What Does The Bible Say About Drugs?
To begin with, Christians are under a universal mandate to respect and obey the laws of the land (Deuteronomy 17:2; Ecclesiastes 8:2-5; Matthew 22:21; 23:2-3; Romans 13:1-7; Titus 3:1; 1 Peter 2:13-17; 2 Peter 2:9-11). The ONLY instance in which we are allowed to disobey the laws of the land is when the laws violate any divine imperatives (Daniel 3 and 6; Acts 5:29). There are no other exceptions to this rule. Contrary to popular belief, simply disagreeing with a law does not constitute a license for breaking that law.
Many have argued that marijuana does not warrant prohibition. They contend that smoking pot in defiance of the law is justifiable on these grounds and in light of (what they perceive to be) the hypocrisy of outlawing weed while allowing nicotine and alcohol consumption. Those who argue this point may be sincere in their conviction, but they are mistaken nonetheless. Heartfelt disdain for the law does not justify impunity towards it, as our Lord Himself made clear. While rebuking the Pharisees for turning the Law of Moses into an excessively oppressive yoke, Christ still required His disciples to submit to their unfairly harsh demands (Matthew 23:1-36, especially 1-4). Dutiful submission to authority and patient perseverance through unjust suffering and/or perceived unfairness (1 Peter 2:18-23) is God’s high standard for us – even if that means having to abstain from marijuana in compliance with “unfair” legislation.
Not only are we to submit to authority for submission’s sake, born-again Christians are further constrained by a mandate to live above reproach for the sake of the Gospel (1 Corinthians 10:32; 2 Corinthians 4:2; 6:3; Titus 2:1-8; 2 Peter 3:14). Needless to say, criminality is highly reproachable.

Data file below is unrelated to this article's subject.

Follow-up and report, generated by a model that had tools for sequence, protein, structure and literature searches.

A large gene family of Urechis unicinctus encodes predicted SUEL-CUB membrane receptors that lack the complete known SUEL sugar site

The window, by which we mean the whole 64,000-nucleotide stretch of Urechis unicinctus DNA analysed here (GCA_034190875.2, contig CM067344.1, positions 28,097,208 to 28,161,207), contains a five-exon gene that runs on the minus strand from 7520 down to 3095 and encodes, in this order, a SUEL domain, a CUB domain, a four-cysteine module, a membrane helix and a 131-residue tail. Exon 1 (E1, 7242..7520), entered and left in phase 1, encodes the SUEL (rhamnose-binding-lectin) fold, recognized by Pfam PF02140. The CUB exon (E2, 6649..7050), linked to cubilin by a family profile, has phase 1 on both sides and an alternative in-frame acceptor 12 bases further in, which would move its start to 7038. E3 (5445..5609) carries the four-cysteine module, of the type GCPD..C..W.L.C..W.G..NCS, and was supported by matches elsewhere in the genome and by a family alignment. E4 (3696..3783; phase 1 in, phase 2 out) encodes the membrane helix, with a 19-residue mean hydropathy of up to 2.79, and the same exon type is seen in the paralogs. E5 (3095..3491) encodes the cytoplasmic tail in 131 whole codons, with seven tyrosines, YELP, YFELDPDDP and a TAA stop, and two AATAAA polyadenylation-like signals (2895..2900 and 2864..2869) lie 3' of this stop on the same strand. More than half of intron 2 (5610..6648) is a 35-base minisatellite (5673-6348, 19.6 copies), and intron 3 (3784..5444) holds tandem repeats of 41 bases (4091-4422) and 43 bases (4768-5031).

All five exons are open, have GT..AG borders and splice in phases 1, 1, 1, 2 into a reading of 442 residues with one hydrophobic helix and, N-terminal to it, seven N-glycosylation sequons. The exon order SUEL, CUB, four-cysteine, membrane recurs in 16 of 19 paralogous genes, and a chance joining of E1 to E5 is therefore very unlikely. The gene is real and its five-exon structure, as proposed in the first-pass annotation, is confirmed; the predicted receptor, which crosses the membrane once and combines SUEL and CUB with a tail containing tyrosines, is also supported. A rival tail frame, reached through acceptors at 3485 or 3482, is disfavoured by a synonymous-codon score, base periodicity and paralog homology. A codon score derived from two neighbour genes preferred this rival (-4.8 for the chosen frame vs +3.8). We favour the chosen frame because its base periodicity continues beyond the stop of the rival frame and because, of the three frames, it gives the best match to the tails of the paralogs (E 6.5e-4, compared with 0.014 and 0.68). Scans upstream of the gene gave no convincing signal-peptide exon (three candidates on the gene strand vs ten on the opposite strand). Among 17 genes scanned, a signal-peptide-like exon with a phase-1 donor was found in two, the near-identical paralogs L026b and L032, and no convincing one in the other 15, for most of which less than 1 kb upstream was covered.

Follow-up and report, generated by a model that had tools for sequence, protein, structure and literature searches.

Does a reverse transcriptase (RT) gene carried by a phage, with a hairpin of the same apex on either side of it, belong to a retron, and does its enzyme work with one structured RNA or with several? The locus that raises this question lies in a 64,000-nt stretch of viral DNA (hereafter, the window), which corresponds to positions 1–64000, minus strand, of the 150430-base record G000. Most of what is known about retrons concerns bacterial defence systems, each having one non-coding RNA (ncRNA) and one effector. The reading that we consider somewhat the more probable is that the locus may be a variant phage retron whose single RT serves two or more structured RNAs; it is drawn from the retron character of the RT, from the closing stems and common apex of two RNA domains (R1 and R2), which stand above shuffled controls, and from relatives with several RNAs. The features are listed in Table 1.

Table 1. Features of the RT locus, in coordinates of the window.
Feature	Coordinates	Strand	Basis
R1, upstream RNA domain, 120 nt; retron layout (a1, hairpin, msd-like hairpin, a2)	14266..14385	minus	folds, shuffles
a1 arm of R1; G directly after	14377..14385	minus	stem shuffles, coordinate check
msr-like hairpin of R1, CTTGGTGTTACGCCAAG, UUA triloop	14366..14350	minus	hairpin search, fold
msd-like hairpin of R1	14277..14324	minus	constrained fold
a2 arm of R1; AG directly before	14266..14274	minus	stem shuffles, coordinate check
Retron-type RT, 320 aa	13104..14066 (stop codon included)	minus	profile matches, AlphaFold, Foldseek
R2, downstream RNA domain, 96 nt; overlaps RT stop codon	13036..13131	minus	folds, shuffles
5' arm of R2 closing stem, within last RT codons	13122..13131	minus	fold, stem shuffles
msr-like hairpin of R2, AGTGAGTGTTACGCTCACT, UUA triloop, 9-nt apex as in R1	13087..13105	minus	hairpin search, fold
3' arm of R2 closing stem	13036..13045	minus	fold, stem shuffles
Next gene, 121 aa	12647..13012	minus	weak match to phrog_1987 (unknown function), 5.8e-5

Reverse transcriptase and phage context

Obviously, this first principle does not impact drug users living in nations like the Netherlands where recreational drug use is legal and permissible. There are, however, more universally applicable principles. For example, Christians are all required to be good stewards of what God has entrusted to us, regardless of our national identity (Matthew 25:13-30). This includes our earthly bodies. Unfortunately, illicit drug use is an extremely effective way to destroy your health, not just physically, but mentally and emotionally as well.
As Dr. Alan Leshner, Director of the National Institute of Drug Abuse (NIDA) explains, “The most immediate, extensive, and long-lasting problems caused by drug abuse, both for individuals and for society, are often medical in nature. For example, known drug-abuse-related health problems and resulting lost productivity alone cost our society more than $33 billion each year. Illicit drugs directly cause many medical problems. Stimulants such as cocaine and methamphetamine increase the heart rate while constricting the blood vessels. In susceptible individuals, these two actions together set the stage for cardiac arrhythmias and strokes. The club drug methylenedioxymethamphetamine (MDMA, also called "ecstasy"), which many users mistakenly believe to be safe, has caused malignant hyperthermia, permanent kidney damage, and death. MDMA also damages serotonin nerve fibers in the brain. Heroin can cause a life-threatening kidney condition called focal glomerulosclerosis. The list continues: NIDA research has shown that almost every drug of abuse harms some tissue or organ.” (Addressing the Medical Consequences of Drug Abuse, NIDA Notes, Vol. 15, No. 1, March 2000; available to be read online at http://www.nida.nih.gov/NIDA_notes/NNVol15N1/DirRepVol15N1.html)